Calendar of Ethnic Festivals

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Good Friday Processions

Bronx, Queens
“Walking” the Stations of the Cross ritual on Good Friday has become customary for many Roman Catholic churches in Latino and Hispanic communities throughout the city. Following are brief descriptions of a number of these neighborhood processions, representing Christ’s journey to the crucifixion. All begin at the church and are followed by a service of the traditional Good Friday liturgy.

St. Joseph’s Church
Noon-3 pm
1949 Bathgate Avenue (bet. 178 and E. Tremont Ave.)

Nearly 3,000 people join this theatrical procession, which ends by re-enacting the crucifixion on a “mountain” near Crotona Park. Since 1970, St. Joseph’s has performed the Stations of the Cross ritual in the streets of the South Bronx. Forty people in costume dramatize the ritual in Spanish, with full performances of the Catholic Biblical characters at each Station.

For more information contact: St. Joseph’s Church, 718-731-2504

St. Teresa Church
10 am – noon, and 7:30 pm – 9:30
109B26 130th Street

In this South Ozone Park neighborhood, the Good Friday procession and ritual is performed in English in the morning and Spanish, and French/Creole in the evening. At each stop, members of the parish give personal testimony related to the theme of the Station. Traditional hymns and prayers are offered in one or all of the languages, and the cross and other items associated with the crucifixion are carried. Along the way, neighbors step outside to pray while the procession passes.

For more information: St. Teresa Church, 718-529-358
last checked: 5/2004

Easter Parade
Easter Sunday, noon
Fifth Avenue, from Rockefeller Center to Central Park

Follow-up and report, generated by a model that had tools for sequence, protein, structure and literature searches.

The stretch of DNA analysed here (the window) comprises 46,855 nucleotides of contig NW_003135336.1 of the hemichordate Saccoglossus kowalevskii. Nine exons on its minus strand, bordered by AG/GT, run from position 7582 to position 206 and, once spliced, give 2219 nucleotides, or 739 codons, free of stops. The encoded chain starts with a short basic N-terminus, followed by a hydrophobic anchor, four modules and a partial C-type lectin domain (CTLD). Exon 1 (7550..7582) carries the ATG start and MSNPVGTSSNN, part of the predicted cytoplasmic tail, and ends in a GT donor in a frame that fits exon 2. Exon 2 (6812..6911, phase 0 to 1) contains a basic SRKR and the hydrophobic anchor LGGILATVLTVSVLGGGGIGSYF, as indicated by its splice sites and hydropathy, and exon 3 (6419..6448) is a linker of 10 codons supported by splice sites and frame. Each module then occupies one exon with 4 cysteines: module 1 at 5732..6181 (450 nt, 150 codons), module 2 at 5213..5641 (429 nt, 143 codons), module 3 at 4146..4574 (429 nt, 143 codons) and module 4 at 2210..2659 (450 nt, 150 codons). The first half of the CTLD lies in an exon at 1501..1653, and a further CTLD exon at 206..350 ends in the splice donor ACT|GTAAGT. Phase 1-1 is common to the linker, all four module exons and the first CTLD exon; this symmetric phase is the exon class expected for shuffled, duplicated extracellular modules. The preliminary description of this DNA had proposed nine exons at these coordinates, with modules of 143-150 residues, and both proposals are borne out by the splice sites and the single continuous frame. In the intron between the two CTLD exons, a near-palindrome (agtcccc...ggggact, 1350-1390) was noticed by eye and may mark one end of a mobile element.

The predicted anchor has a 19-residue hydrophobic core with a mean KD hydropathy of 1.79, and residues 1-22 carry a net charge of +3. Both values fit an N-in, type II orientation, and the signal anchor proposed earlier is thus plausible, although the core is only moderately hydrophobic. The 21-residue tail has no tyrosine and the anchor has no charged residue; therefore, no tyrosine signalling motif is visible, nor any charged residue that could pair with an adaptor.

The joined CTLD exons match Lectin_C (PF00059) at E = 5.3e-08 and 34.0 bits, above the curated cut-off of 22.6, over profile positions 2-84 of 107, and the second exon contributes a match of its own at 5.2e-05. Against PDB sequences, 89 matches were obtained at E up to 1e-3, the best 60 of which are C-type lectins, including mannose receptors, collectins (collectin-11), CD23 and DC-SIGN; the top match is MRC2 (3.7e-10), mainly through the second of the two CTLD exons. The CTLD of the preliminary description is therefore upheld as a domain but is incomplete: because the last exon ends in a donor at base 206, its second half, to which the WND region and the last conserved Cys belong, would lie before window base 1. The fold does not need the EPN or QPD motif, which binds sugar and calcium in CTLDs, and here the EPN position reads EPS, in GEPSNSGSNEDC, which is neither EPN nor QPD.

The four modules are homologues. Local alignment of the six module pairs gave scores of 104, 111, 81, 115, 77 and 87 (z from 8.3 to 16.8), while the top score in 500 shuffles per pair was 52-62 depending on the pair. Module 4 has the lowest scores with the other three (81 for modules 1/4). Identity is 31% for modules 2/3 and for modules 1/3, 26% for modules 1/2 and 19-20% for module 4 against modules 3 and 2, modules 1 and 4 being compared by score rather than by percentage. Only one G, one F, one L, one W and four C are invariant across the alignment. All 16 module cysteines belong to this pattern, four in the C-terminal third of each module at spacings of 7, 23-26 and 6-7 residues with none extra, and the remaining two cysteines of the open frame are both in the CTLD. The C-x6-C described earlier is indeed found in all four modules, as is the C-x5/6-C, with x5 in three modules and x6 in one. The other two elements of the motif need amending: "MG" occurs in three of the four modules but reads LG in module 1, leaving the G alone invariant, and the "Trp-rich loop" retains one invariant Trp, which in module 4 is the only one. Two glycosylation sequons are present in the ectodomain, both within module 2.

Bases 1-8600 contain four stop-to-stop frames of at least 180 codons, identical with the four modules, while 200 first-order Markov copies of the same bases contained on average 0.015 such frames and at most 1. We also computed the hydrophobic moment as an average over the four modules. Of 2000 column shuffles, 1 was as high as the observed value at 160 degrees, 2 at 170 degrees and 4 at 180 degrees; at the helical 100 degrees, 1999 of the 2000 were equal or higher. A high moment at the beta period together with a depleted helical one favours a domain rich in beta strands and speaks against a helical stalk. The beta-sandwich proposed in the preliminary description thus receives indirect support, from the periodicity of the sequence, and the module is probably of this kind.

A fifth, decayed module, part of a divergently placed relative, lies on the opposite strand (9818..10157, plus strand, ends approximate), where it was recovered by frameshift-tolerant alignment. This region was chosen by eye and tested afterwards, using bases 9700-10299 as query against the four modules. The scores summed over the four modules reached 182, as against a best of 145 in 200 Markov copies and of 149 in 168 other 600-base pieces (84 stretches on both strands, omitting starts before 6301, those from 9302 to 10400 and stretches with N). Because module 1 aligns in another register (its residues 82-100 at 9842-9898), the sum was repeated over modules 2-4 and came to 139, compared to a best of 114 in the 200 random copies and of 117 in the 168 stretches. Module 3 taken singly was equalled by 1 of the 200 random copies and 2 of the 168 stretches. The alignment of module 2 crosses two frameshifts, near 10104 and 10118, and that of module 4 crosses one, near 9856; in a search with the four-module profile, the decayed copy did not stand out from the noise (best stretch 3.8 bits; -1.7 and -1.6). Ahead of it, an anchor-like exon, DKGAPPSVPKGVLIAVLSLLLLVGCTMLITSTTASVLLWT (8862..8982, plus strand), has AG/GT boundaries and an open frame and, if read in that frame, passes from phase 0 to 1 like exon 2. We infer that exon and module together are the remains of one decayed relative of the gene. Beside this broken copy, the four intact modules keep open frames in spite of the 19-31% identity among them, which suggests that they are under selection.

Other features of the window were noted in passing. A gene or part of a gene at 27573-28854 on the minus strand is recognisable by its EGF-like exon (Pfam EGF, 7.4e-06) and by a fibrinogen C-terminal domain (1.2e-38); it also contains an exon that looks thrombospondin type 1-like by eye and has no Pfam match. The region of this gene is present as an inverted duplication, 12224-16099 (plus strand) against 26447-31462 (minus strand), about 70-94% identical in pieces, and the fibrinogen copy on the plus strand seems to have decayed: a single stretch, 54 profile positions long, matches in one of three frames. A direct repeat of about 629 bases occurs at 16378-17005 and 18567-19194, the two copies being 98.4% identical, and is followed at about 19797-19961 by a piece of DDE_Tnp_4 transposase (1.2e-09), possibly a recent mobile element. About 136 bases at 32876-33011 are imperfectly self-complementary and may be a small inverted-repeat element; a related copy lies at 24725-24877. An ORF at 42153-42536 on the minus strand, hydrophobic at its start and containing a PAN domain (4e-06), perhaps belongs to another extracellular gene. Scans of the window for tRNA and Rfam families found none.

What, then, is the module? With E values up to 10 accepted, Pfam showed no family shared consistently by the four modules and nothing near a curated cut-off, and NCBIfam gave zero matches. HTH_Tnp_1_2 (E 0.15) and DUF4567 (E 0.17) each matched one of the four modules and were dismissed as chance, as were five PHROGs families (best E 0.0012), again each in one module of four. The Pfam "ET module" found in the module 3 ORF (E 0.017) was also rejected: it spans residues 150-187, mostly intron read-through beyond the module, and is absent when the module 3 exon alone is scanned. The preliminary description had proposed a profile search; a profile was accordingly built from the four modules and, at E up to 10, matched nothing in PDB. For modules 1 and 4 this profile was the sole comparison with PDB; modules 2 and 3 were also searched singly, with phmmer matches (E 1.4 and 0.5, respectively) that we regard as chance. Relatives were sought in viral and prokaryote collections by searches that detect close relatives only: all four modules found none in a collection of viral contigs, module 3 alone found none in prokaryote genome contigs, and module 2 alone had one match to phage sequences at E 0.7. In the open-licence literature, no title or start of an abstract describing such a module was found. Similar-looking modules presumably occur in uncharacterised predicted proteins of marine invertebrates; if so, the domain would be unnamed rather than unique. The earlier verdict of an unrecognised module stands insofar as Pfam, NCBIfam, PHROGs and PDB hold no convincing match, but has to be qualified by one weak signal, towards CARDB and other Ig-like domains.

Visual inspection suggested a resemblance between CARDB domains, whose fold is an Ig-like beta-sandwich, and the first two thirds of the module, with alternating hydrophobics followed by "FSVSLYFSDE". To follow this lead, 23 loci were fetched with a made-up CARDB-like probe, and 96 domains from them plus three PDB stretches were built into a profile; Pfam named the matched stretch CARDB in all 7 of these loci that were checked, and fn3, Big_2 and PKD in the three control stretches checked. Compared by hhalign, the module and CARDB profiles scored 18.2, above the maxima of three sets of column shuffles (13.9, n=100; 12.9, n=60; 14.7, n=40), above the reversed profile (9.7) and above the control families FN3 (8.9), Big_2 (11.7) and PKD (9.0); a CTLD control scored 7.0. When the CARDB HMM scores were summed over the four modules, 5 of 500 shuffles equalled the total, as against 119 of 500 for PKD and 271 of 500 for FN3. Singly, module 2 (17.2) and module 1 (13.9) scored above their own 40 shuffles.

The Easter Parade is a classic Fifth Avenue event. It evolved during the late 19th century when wealthy New Yorkers would stroll along “Millionaire’s Row” following Easter church services. Milliners and dressmakers from around the country would sketch the outfits, which would then be quickly copied for sale in department stores. Extravagant hats became the parade’s focus at the turn of the century, inspiring Irving Berlin’s famous song. Today the parade is a popular scene of elegant dress mixed with fanciful spring costumes and imaginative “Easter bonnets.” Perhaps its best feature is its democratic nature—spectators are welcome to join the informal procession.

For more information:

last update: 9/2003

Sakura Matsuri, “Cherry Blossom Festival”
Brooklyn Botanic Garden
Last weekend in April or first weekend in May
Brooklyn Botanic Garden, 1000 Washington Avenue

Celebrate the arrival of spring and our exuberant cherry blossom display with the annual all-weekend Japanese Cherry Blossom Festival: Sakura Matsuri. The event is one of the largest cherry blossom festivals in the Northeast with recent attendance between 40,000 and 54,000 visitors! It features Taiko drumming, traditional Japanese musical and dance performances, samurai sword fighting presentations, ikebana flower arranging demonstrations, tea ceremonies, haiku readings, children’s workshops, Japanese cooking demonstrations, calligraphy demonstrations, as well as tours of the Brooklyn Botanic Garden’s Japanese Hill—and Pond Garden and world renowned bonsai collection.

For more information:, 718-623-7333 (events hotline), 718-623-7200 (general information)

last update: 9/2003

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